Ethiopia Field Epidemiology and Laboratory Training Program

Program overview

The Ethiopian Field Epidemiology and Laboratory Training Program (EFELTP) is a two-year, in-service training program in applied epidemiology and public health laboratory practice overseen by the Human Health Development Directorate of the Federal Ministry of Health. EFELTP operates as a collaborative effort among eight universities (Addis Ababa University, Saint Paulos Millennium Medical College, Gondar University, Bahir Dar University, Mekele University, Hawassa University, Haramaya University, and Jimma University), regional health bureaus, and other stakeholders, including the Ministry of Agriculture, the U.S. Centers for Disease Control and Prevention (CDC), and the Food and Agriculture Organization of the United Nations (FAO).

EFELTP aims to train leaders in field epidemiology (human and veterinary) and public health practice and to provide epidemiologic services to federal, regional, and zonal government health institutions across Ethiopia. During their training, residents provide service to the Ministry of Health and regional health bureaus through long-term field placements. EFELTP’s field epidemiology component is modelled after the CDC’s Epidemic Intelligence Service (EIS) program. Residents spend 75 percent of their time in the field and 25 percent of their time in the classroom.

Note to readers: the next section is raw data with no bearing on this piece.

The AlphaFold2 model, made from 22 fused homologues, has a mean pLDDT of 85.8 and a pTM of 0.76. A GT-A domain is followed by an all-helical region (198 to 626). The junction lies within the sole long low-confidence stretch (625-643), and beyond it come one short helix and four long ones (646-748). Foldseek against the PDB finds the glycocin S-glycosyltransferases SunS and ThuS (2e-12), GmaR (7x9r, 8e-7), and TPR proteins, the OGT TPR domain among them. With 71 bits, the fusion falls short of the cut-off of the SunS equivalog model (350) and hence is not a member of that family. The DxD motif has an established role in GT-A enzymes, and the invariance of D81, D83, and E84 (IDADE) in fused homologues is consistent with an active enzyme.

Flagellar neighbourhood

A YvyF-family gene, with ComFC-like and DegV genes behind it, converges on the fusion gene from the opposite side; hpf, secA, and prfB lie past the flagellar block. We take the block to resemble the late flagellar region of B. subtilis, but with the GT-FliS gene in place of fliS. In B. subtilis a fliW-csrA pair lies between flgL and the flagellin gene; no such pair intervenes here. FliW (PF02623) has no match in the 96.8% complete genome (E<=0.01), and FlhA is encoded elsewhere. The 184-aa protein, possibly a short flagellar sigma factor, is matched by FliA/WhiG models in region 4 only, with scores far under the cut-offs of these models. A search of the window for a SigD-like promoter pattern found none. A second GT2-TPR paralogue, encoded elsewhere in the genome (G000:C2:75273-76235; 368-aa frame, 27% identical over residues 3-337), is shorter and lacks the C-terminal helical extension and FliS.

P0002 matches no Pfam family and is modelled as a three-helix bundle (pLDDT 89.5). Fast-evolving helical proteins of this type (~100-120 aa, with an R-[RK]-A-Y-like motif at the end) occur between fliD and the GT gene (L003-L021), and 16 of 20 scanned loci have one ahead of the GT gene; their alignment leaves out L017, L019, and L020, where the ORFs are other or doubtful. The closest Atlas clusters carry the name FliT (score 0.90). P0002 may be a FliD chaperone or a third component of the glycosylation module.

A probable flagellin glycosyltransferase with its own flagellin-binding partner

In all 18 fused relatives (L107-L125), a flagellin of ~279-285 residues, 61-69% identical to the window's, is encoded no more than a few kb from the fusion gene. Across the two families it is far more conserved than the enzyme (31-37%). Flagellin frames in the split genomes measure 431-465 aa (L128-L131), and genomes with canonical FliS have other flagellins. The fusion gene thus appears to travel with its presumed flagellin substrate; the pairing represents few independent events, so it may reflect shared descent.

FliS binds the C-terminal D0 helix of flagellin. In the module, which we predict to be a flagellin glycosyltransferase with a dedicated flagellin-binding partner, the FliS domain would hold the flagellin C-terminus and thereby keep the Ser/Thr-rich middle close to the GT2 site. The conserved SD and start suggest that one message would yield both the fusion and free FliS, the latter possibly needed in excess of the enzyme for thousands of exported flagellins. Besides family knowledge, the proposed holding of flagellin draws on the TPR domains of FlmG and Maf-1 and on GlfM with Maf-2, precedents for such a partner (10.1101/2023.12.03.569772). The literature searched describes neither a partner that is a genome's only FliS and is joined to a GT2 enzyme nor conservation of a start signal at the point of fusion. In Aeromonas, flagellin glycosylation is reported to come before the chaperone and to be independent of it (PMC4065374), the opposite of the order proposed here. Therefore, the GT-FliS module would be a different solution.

EFELTP’s objectives include:

  • Strengthening capacity to respond to public health emergencies such as outbreaks, epidemics, natural disasters, and emerging infectious diseases
  • Strengthening public health and veterinary surveillance systems
  • Strengthening laboratory participation in surveillance and field investigation
  • Strengthening the linkage between public health and veterinary epidemiology
  • Conducting research activities on priority public health problems


Since EFELTP’s inception in 2009, the detection of public health events in Ethiopia has increased more than 95 percent, and timeliness and completeness of outbreak detection has gone over 85 percent. EFELTP residents and graduates been involved in detecting and responding to emerging and reemerging diseases including dengue fever, chikungunya, malaria, cholera, anthrax, and rabies, as well as vaccine-preventable diseases including measles and polio and non-communicable diseases including hypertension and cardiovascular diseases. EFELTP residents conducted surveillance for Ebola from 2014-2016, were involved in national nutritional surveillance from 2015-2016, and conducted surveillance among internally displaced persons in the southern part of Ethiopia in 2019. During the COVID-19 pandemic, more than 140 residents and graduates have been involved in contact tracing, screening for COVID-19 at points of entry, laboratory testing, active case search, data management, and risk communication.

Overall, as of February 2021, EFELTP residents have conducted 767 outbreak investigations and performed more than 1,050 surveillance activities. They have delivered 79 presentations at scientific conferences and published 25 papers in peer-reviewed journals. Six EFELTP graduates have become the heads of public health emergency management within the regional health bureaus.